Attorney from Fort Mill admitted to U.S. Supreme Court

Special to the Fort Mill TimesJune 28, 2013 

— By Amanda Phipps

Landmark decisions handed down by the U.S. Supreme Court in the final days of its 2013 session could have profound effects on S.C. residents, but they will have to wait a while before any impact is felt, according to one attorney with local ties who has knowledge of the high court.

Justices ruled in cases on voting rights and gay marriage that captured the attention of the entire nation.

In a 5-4 decision, the Supreme Court struck down Section 4 of the Voting Rights Act, which uses a coverage formula to decide which states need pre-clearance from the federal government before changing their election procedures, attorney and recently admitted SCOTUS member Walter Dusky said.

Dusky, a Fort Mill resident, was admitted to the Supreme Court on June 17 and sworn in on the same date. He works as a lawyer in North and South Carolina.

“It was an exciting moment to stand before the court and hear I was fit to be admitted,” he said. “Everything about the Supreme Court has meaning and history to it.”

History was made with the court’s decision regarding the Voting Rights Act.

While upholding the aspect of the law that requires states with a history of discrimination to get the government’s approval before making election changes, the court struck down the formula the act uses, citing an opinion that it is based on outdated information. The Court placed the responsibility of updating the coverage formula into Congress’ hands.

The court’s opinion was written by Chief Justice John Roberts, who was appointed by President George W. Bush.

“The map is based on decades-old date and eradicated practices,” Roberts said.

The Act’s formula originally affected nine states, including South Carolina.

For now, the court’s decision leaves the door open for S.C. and other previously affected states to change how they conduct elections without prior approval from the federal government.

However, the Rights Act will continue to protect against voter discrimination.

“No one doubts voting discrimination does go on,” Dusky said. “[The Act] is still there, it just needs to be revamped.”

DOMA ruling

Joy spread across the faces of same-sex marriage supporters as the Supreme Court declared the 1996 Defense Against Marriage Act unconstitutional because it violates the Constitution’s “equal protection” clause.

In the 5-4 decision, Dusky said the Court stated that DOMA “demeans those persons who are in a lawful same-sex marriage, declaring their marriage is less worthy, humiliating tens of thousands of children raised by same-sex couples.”

DOMA existed to block the federal government from recognizing same-sex marriages, Dusky said.

The court’s actions has given legally married same-sex couples the same federal benefits that other married couples are entitled to, Dusky said. These rights – more than 1,000, according to the Congressional Budget Office – include no payment of taxes on a spouse’s health coverage, filing joint tax returns and receiving spousal social security, retirement, and death benefits.

Since S.C. does not recognize same-sex marriage, the decision may not directly affect its residents. The decision does, however, open the door for people to start challenging S.C. and other states that do not recognize same-sex marriage, Dusky said.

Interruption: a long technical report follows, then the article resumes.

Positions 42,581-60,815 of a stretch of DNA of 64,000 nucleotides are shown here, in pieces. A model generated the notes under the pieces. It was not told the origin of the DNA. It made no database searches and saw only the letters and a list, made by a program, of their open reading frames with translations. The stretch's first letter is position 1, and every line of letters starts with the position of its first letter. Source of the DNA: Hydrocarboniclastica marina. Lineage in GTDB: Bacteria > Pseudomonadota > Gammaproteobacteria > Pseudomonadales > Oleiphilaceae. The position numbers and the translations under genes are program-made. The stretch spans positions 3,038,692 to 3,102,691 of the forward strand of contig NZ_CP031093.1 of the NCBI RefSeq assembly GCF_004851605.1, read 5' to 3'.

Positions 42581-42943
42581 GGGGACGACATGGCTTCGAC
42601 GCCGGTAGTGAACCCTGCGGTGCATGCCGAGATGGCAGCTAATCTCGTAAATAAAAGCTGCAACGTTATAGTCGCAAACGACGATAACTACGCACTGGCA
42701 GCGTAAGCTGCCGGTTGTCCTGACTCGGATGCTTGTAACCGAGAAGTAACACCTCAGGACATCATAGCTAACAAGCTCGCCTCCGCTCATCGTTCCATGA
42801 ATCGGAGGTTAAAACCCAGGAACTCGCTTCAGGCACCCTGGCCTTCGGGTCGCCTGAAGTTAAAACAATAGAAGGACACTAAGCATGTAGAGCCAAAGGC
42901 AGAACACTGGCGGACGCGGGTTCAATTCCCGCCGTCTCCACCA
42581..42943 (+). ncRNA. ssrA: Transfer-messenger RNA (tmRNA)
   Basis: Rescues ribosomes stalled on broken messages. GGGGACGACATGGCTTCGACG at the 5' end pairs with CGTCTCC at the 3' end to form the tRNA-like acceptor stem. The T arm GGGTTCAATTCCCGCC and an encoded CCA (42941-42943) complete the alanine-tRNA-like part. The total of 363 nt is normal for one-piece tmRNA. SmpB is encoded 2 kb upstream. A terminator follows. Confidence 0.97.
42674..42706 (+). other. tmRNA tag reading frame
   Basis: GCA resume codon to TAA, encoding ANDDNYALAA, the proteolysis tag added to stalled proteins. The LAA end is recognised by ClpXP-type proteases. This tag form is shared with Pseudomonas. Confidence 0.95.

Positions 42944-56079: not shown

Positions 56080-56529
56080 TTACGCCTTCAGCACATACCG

California’s Prop 8

Same-sex couples in California can once again marry legally, thanks to the Supreme Court decision that “Prop 8” was not properly put on the ballot, Dusky said.

The Court ruled that those who put Prop 8 – a referendum outlawing same-sex marriage that a majority of California voters approved – on the ballot had no legal authority to appeal a lower court’s decision that struck it down as unconstitutional.

The DOMA and Prop 8 decisions reflected the issue of discrimination against a class of people, Dusky said.

Whether you are for or against gay marriage “wasn’t the issue at hand,” he said.

Like last year’s decision upholding the federal Affordable Care Act, each of the court’s rulings last week were split, 5-4 decisions.

“It mirrors how our nation is politically,” Dusky said. “[These decisions] are not as rock solid as you want them to be.”

Landmark decisions like those will continue, Dusky predicted.

“They tend to come up over and over again,” he said.

Dusky, 32, practices with Morton & Gettys Attorneys at Law. He was admitted to the South Carolina Bar in 2006 and the North Carolina Bar in 2007.

Getting admitted to the Supreme Court was a longtime goal.

“It’s one of those things I just strived to do,” Dusky said. “This adds another tool in my belt.”

Even in his youth, Dusky was interested in law. He is the attorney coach for the Fort Mill High School mock trial team, of which he was active member before graduating from Fort Mill High. The team placed second in this year’s state competition.

Dusky is also a member of the York County Bar Association the S.C. Bar’s LRE Division.

He was also the S.C. Bar’s LRE Lawyer of the Year in 2010.

Dusky graduated from Winthrop University with a degree in political science in 2003 and received his law degree from Ohio Northern University in 2006.

Standing before the nine Supreme Court justices on June 17 was one of Dusky’s highlights.

“You can’t put a price tag on that,” he said.

That day, Dusky was the only person from South Carolina to be sworn in.

“Being admitted to the SCOTUS is a prestigious accomplishment,” he said. “Maybe one day I’ll have the opportunity to argue before the Court.”

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